Top 5 Expenses When Moving Abroad

Top 5 Expenses When Moving Abroad

By Ryan Murdock

You’re all set to make the big move. To escape the winter, to take that cool new foreign job, or just to loaf around in the countryside and gorge yourself on wine and cheese.

You’ve found your ideal destination, and you’re ready to take the next step.

So what sort of costs should you expect?

I’ll tell you about the most significant ones today, and share a few that tend to catch first time expats off guard.

Shipping Your Things

When my wife and I moved to Malta, one of our biggest expense was probably shipping.

In our case, we only shipped my library of books, and personal items like clothing and camping gear. This cost us around $3,000 CAD.

You should expect those cost to multiply considerably if you’re shipping the entire contents of your house.

But before you take that drastic step, ask yourself, “Do I really need all that stuff?”

If you’re only planning a few years abroad, or if you’re not sure how long you’ll stay, then you’re better off renting a furnished house or flat.

You can store your furniture for when you come back. Or sell it all to help fund your move.

Air Tickets

Air tickets can be a significant expense, depending on how many family members are traveling with you.

You’ll also need to factor in the cost of “scouting trips”, if you go to your new country in advance to check it out, or to look for an apartment or house before you move.

And of course those costs will go up if you’re flying business or first class rather than coach.

Buying a Car

Buying a car was our biggest expense when we moved to the Mediterranean.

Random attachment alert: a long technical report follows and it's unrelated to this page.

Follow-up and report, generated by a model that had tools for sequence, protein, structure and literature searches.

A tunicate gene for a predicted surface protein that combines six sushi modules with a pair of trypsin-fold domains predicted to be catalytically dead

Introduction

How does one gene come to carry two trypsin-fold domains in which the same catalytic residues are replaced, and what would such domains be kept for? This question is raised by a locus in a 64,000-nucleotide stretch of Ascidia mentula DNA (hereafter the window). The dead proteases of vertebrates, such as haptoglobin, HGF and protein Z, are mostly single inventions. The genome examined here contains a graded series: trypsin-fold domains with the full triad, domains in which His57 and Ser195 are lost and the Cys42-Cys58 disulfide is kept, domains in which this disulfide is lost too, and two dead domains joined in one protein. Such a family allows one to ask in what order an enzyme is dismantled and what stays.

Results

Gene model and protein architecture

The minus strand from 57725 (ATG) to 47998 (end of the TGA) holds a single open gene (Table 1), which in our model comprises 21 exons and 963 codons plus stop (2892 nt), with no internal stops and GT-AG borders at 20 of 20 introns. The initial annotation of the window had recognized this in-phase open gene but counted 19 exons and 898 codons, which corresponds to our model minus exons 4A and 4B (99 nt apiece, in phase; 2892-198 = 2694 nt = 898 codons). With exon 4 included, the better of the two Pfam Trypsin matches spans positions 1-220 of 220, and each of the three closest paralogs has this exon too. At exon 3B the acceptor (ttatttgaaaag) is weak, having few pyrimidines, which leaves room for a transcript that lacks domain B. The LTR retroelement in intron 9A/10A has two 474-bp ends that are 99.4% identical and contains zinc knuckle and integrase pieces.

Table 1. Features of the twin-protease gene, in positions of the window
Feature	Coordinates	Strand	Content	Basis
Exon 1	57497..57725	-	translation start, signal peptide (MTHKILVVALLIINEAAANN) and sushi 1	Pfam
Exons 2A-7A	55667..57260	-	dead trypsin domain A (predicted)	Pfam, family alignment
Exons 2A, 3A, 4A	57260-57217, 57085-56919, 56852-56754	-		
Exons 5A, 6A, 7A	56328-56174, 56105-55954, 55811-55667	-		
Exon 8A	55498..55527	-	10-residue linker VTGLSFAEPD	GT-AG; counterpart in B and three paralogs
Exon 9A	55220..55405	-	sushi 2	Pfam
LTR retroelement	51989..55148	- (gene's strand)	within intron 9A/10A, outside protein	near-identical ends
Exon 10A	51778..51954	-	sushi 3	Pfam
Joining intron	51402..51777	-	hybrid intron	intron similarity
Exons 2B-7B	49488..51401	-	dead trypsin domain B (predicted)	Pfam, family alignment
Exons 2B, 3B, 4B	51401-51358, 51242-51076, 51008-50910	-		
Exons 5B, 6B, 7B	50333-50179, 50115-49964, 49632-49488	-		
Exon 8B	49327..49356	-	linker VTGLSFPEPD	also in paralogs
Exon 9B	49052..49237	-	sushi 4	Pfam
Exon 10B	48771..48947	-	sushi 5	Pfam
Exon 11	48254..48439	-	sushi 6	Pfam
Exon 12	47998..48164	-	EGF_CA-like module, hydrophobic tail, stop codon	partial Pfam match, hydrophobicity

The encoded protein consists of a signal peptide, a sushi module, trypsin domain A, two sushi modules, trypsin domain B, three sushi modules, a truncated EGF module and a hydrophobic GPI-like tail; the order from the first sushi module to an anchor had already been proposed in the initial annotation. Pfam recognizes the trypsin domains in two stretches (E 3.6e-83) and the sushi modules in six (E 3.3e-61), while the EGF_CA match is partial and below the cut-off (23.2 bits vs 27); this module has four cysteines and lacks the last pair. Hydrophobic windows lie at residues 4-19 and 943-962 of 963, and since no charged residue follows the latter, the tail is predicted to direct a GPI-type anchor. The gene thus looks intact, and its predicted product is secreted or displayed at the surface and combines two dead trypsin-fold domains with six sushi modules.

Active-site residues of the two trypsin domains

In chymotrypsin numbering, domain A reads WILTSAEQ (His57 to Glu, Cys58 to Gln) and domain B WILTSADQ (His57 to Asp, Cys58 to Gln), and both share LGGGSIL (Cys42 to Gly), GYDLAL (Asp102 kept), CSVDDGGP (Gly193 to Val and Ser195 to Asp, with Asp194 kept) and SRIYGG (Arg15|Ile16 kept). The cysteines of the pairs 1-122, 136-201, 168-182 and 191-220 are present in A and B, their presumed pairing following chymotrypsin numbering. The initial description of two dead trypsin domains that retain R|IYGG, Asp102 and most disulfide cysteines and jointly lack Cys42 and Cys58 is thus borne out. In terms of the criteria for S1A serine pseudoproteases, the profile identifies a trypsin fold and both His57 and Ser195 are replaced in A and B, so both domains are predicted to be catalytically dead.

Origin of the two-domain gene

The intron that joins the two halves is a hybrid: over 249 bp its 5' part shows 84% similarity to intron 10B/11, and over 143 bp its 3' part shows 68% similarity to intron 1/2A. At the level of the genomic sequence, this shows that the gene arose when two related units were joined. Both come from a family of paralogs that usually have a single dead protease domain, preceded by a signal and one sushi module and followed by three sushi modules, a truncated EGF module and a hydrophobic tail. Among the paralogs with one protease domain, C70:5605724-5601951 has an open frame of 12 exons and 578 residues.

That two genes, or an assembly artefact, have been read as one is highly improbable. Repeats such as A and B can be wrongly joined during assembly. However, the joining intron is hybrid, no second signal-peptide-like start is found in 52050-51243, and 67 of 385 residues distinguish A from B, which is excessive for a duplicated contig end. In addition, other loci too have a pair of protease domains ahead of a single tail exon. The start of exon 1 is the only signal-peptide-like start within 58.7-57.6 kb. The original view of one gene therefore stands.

If you’re moving to a major city like Tokyo, or just about any city in Europe, then public transportation will be your best bet. The networks are great, and they’re more convenient than parking. You’ll only need to rent cars when you want to take a weekend outside town.

But the transport system in Malta is a disaster, and a car is a necessity. Unfortunately, used cars are also very expensive here, thanks to very high import taxes.

The largest percentage of “lightly used” cars are imported from Japan. They’re typically driven for a year or two before being traded and put on a ship. The cars are well maintained, but you do have to search carefully so you don’t end up with cigarette burns in the seats, or a car that smells like an ashtray.

We ended up paying nearly $10K for a Mitsubishi with low mileage. It’s been an incredibly reliable, maintenance-free car. But it would have cost half that price in Japan or Canada.

Rental Deposit—Or the Cost of a House

Will you rent a furnished flat? An empty apartment that you furnish yourself? Or will you buy a house?

Buying a property is a pretty bold move, especially if you’re not sure what to expect in your new expat home. I can’t tell you how many people I’ve seen who sold their family home on retirement, and flew down to Malta or the Costa Brava in Spain with dreams of finally getting their place in the sun.

Many of those people quickly became disillusioned—perhaps because they felt so trapped?—and ended up going right back where they came from a couple years later.

I prefer to rent instead. I like renting fully furnished houses or flats because I can move right in, and I can leave at the end of the contract if it doesn’t suit me.

If you’re renting, you’ll need to add the rental deposit into your escape budget.

In most cases, you’re expected to pay one month’s rent as a damage deposit. But in Canada I was asked for both first and last month’s rent on the spot. And in Malta, one overly optimistic scammer asked me for a €2,000 deposit, but, “It’s yours, and you can get it back at the end.” Not coincidentally, that apartment wasn’t even finished yet, and she looked like she needed the money to complete the job.

When renting abroad, don’t take any wooden nickels. And don’t put money down that you can’t afford to lose.

Health Insurance

If you’re moving from one European country to another, you’ll likely be covered by the EU’s reciprocal health care agreements because you paid into the national insurance plan in your previous country.